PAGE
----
Brown-Forman, the maker of Jack Daniel’s and other spirits, reported net income for the quarter ended July 31 of $200 million, or 41 cents a share, up from $178 million, or 37 cents per share, a year ago. But it lowered its fiscal 2019 guidance to a range of $1.65 to $1.75, down from its previous guidance of $1.75 to $1.85.

The company cited intense competition and retaliatory tariffs as the reason for lower guidance.

“The global economy has continued to improve over the last year. However, the competitive landscape in the developed world remains intense, and recently enacted retaliatory tariffs on American whiskey have created additional uncertainty around the company’s near-term outlook, making it difficult to accurately predict future results,” the company stated.

The company said sales spiked in European markets after President Donald Trump’s decision to impose tariffs on European steel and aluminum prompted stockpiling of inventories as the European Union targeted American whiskey and other U.S. products. Underlying net sales increased 38% in Germany in the company’s fiscal first quarter. In the United Kingdom sales increased 33%.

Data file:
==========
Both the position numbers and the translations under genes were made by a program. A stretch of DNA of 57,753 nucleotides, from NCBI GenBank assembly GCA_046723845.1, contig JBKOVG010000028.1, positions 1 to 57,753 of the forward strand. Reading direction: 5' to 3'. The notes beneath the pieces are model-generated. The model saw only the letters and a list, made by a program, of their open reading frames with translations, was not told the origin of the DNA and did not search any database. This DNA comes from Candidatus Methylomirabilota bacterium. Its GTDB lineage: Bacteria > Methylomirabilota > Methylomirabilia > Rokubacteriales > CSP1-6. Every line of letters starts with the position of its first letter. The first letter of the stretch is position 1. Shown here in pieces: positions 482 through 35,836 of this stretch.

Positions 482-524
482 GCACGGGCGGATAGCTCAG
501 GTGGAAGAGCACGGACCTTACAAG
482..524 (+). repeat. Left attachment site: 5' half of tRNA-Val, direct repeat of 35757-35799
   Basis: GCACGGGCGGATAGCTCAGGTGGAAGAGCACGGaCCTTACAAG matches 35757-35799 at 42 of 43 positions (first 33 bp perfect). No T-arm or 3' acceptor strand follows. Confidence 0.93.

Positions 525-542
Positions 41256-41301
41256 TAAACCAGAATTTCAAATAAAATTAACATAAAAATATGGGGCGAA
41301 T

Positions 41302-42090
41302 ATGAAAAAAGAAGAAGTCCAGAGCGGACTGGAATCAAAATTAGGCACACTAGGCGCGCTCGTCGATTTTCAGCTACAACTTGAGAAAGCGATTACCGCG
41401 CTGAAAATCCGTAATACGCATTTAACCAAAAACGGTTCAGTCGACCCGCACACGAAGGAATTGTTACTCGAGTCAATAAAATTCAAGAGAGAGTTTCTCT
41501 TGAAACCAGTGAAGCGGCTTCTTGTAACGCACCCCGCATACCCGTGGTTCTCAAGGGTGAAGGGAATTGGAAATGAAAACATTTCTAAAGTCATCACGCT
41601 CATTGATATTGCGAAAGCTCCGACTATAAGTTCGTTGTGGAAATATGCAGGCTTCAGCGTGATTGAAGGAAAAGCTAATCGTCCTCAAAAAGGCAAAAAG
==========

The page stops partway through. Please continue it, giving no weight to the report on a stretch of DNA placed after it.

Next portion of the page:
Jack Daniel's bottlesBrown-Forman reported net sales of $766 million for the quarter, an increase of 6% year on year. The FactSet consensus was $761 million. It also reported gross profit of $523 million, up nearly 6%.

The Jack Daniel’s family of brands reported 10% underlying quarterly sales growth. Sales of its super-premium American whisky brands grew 25%, and its Woodford Reserve bourbon brand was up 29%. Underlying net sales for Finlandia vodka declined 10%, but sales of Brown-Forman’s tequilas, Herradura and el Jimador, grew 10% and 11%, respectively.

Brown Forman’s selling, general, and administrative expenses increased about 4% year over year to $168 million.

“There remains significant uncertainty around the duration of recently enacted tariffs, but we have been encouraged by the resilience of our business model as we are working to minimize short-term disruption and maintain our top-line momentum,” said Lawson Whiting, the company’s chief operating officer and incoming CEO.

Photo: Getty Images

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